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NEWS
February 3, 2015 | BY JOHN F. MORRISON, Daily News Staff Writer morrisj@phillynews.com, 215-854-5573
IF ONE WORD could describe the character of Doris Harris it's "selfless. " That was the first word that came to the mind of her daughter Takada when asked to describe her mother. "Selfless. " Doris seemed to spend much of her time in service to others. She had seven children of her own, but she believed that all the children in her North Philadelphia neighborhood were hers. She was determined to see to it that all the children in what was perceived as an "underserved" neighborhood had clothing.
NEWS
December 13, 2013 | BY BETH D'ADDONO, For the Daily News
WHAT do you get the committed-to-buying-local eater and home cook on your list? Chances are he or she already has the latest kitchen gimcrack, like a home sous-vide cooker or a pasta machine that does everything but twirl the linguine on your fork. Why not earn points all around by playing the local card? You'll support services and products created by regional entrepreneurs and artisans - a win-win guaranteed to deliver a truly delicious holiday treat. And many of these gifts can be had for $20 to $50, not a lot of scratch to make a delicious impression.
BUSINESS
October 8, 2013 | By Diane Mastrull, Inquirer Columnist
Ask Michael Holahan about his childhood in Overbrook, and mouthwatering recollections pour forth: Tastykakes. Lebanon bologna sandwiches. And lots of candy. "As a teenager, I worked at a neighborhood pharmacy called Love Pharmacy, and the pharmacist, Tom Brannon, turned me on to Wilbur Buds," Holahan said of the beloved chocolate drops. He confesses another indulgence: "I spent every cent of tip money on Zitner Butter Krak eggs for the two to three months they were available around Easter each year.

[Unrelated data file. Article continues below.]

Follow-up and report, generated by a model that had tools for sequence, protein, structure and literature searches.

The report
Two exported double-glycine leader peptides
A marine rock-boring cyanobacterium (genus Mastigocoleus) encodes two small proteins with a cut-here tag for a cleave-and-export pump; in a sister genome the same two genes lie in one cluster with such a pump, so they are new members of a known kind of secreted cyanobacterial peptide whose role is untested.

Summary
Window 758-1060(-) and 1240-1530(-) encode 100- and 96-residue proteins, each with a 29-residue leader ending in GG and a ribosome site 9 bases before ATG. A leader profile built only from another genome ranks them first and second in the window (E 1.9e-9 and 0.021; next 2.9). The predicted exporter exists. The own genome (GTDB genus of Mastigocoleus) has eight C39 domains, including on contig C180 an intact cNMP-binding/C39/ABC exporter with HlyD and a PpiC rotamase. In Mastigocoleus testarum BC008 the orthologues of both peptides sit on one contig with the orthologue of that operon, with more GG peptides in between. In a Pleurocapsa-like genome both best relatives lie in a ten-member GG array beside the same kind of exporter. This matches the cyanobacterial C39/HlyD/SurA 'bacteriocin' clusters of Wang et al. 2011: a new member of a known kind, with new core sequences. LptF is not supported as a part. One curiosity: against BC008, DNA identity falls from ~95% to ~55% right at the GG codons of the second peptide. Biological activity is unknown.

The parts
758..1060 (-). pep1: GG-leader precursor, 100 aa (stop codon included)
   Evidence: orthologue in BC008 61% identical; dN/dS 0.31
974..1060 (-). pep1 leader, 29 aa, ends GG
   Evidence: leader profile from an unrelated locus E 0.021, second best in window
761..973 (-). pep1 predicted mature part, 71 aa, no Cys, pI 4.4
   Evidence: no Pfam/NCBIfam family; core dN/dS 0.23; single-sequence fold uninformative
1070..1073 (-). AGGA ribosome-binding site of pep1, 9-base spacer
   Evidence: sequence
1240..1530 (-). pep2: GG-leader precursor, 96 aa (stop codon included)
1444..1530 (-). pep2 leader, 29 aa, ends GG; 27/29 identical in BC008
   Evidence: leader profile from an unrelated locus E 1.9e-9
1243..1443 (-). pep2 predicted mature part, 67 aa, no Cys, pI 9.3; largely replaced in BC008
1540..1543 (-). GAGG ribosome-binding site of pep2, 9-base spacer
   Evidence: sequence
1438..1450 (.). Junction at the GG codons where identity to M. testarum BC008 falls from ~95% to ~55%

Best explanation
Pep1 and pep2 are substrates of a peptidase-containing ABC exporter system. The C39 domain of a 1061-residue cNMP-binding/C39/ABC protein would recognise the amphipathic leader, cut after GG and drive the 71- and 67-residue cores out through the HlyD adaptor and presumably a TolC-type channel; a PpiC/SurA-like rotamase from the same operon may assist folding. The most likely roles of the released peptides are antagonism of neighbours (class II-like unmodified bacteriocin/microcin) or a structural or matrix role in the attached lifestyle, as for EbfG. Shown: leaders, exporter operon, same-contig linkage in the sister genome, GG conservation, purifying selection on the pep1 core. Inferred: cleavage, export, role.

NEWS
April 16, 2012 | BY STEPHANIE FARR, Daily News Staff Writer
THE COLD-HEARTED theft on Friday of items intended to benefit the families of two fallen firefighters has left the city's blood boiling, and now police have released surveillance of the thief. SmokeEaters Pub, a bar in Holmesburg that caters to firefighters and is also owned by one, was holding a benefit for the families of fallen firefighters Lt. Robert Neary and Daniel Sweeney when the theft occurred. Neary and Sweeney lost their lives in a five-alarm fire in a vacant Kensington building one week ago Monday, and the benefit at SmokeEaters followed their viewings Friday night.
NEWS
September 19, 2010 | By Jacqueline L. Urgo, Inquirer Staff Writer
CAPE MAY - About a year ago - during an evening organizers hope to repeat Sunday - a group of local businesswomen raised more than $20,000 in a mere three hours at a charity event they had quickly pulled together and dubbed the King Neptune Bachelor Auction. About 400 people paid $25 each to watch 21 men proffer everything from a traditional dinner and a movie date to an elaborate chef demonstration for 15. Even Cape May's mayor, an unmarried guy in his 60s, got in the act for charity and took four women to dinner on a memorable quadruple date.